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UN Human Rights Commissioner’s statements on Egypt are "shameful": Abou Zaid  - Daily News Egypt

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UN Human Rights Commissioner’s statements on Egypt are “shameful”: Abou Zaid 

The commissioner condemned the security measures, human rights violations, and the establishment of a state of emergency

The spokesperson of the Ministry of Foreign Affairs, Ahmed Abou Zaid, condemned on Monday the statements by UN High Commissioner for Human Rights, Zeid Ra’ad al-Hussein, on Egypt’s security and human rights situation.

Abou Zaid said in a statement by the ministry that releasing such statements is “shameful”, “especially during the time when Egypt is fighting radicalisation,” adding that the UN Human Rights Council was not in a state of assembly, questioning the reasons behind the timing of the statements.

Earlier on Monday, al-Hussein said in a press conference in Geneva that the crackdown on freedoms is “in our opinion, not the way to fight terror.”

“We don’t see similar stances from the High Commissioner [for human rights] when law enforcement in Egypt is attacked and terrorised by terrorist groups,” Abou Zaid added.

Abou Zaid also explained that the state of emergency was approved in accordance with the constitution by the elected parliament, in an exceptional situation as terror is striking the country.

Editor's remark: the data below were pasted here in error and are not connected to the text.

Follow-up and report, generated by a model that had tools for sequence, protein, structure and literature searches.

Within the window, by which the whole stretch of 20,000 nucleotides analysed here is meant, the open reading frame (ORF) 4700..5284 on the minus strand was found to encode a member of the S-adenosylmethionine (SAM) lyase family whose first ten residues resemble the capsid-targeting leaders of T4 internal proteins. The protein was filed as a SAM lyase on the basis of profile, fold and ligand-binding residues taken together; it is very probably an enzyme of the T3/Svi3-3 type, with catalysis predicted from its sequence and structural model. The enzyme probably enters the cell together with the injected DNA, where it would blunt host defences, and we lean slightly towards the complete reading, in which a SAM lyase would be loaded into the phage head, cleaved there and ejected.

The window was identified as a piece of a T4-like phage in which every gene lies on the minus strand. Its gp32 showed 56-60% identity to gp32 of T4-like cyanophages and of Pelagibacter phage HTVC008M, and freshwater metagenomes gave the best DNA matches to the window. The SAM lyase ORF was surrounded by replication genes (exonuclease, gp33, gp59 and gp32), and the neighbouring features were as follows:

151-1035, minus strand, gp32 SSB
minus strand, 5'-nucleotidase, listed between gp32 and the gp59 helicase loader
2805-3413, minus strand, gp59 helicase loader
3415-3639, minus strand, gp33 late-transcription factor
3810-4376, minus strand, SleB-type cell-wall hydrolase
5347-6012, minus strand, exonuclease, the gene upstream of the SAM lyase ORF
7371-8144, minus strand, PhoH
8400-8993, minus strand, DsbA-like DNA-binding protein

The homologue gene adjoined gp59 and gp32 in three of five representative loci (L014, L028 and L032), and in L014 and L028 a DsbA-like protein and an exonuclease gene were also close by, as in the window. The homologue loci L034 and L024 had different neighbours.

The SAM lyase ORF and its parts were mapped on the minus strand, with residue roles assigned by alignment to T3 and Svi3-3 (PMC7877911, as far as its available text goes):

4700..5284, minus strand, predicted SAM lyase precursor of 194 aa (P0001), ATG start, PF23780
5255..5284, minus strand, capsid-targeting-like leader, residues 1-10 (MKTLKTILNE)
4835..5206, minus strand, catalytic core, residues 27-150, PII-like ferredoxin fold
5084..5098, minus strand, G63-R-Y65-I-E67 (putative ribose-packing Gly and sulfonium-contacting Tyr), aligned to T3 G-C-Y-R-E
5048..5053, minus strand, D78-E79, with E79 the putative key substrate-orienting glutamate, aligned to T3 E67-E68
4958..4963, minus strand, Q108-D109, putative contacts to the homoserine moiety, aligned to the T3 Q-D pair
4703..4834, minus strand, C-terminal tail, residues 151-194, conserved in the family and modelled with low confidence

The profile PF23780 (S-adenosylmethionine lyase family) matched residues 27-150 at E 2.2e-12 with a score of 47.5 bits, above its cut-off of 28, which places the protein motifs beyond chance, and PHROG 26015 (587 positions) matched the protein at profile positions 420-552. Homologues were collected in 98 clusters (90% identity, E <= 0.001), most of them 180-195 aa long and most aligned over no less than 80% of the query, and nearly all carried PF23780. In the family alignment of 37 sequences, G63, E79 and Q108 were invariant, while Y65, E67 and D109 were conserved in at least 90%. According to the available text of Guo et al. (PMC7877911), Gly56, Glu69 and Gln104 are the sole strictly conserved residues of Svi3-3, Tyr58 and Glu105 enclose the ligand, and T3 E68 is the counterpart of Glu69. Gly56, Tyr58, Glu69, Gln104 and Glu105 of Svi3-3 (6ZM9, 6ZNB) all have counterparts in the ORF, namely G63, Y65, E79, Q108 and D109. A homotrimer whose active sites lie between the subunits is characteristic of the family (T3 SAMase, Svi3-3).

High Commissioner al-Hussein further criticised Egypt’s state of emergency, adding that “the massive numbers of detentions, reports of torture, and continued arbitrary arrests—all of this we believe facilitates radicalisation in prisons.”

“National security, yes, must be a priority for every country, but again not at the expense of human rights,” al-Hussein said. In the same context, he also condemned the attacks on the churches.

The state of emergency was approved by parliament on 10 April in the wake of attacks on two churches on Palm Sunday. According to the parliament’s official website, the approval allows the army and police to take the measures needed to fight terrorism and protect citizens and institutions.

After the approval, state institutions and buildings started to be secured by army forces, while reportedly a wave of arrests and apartment raids took place in Downtown Cairo and elsewhere.


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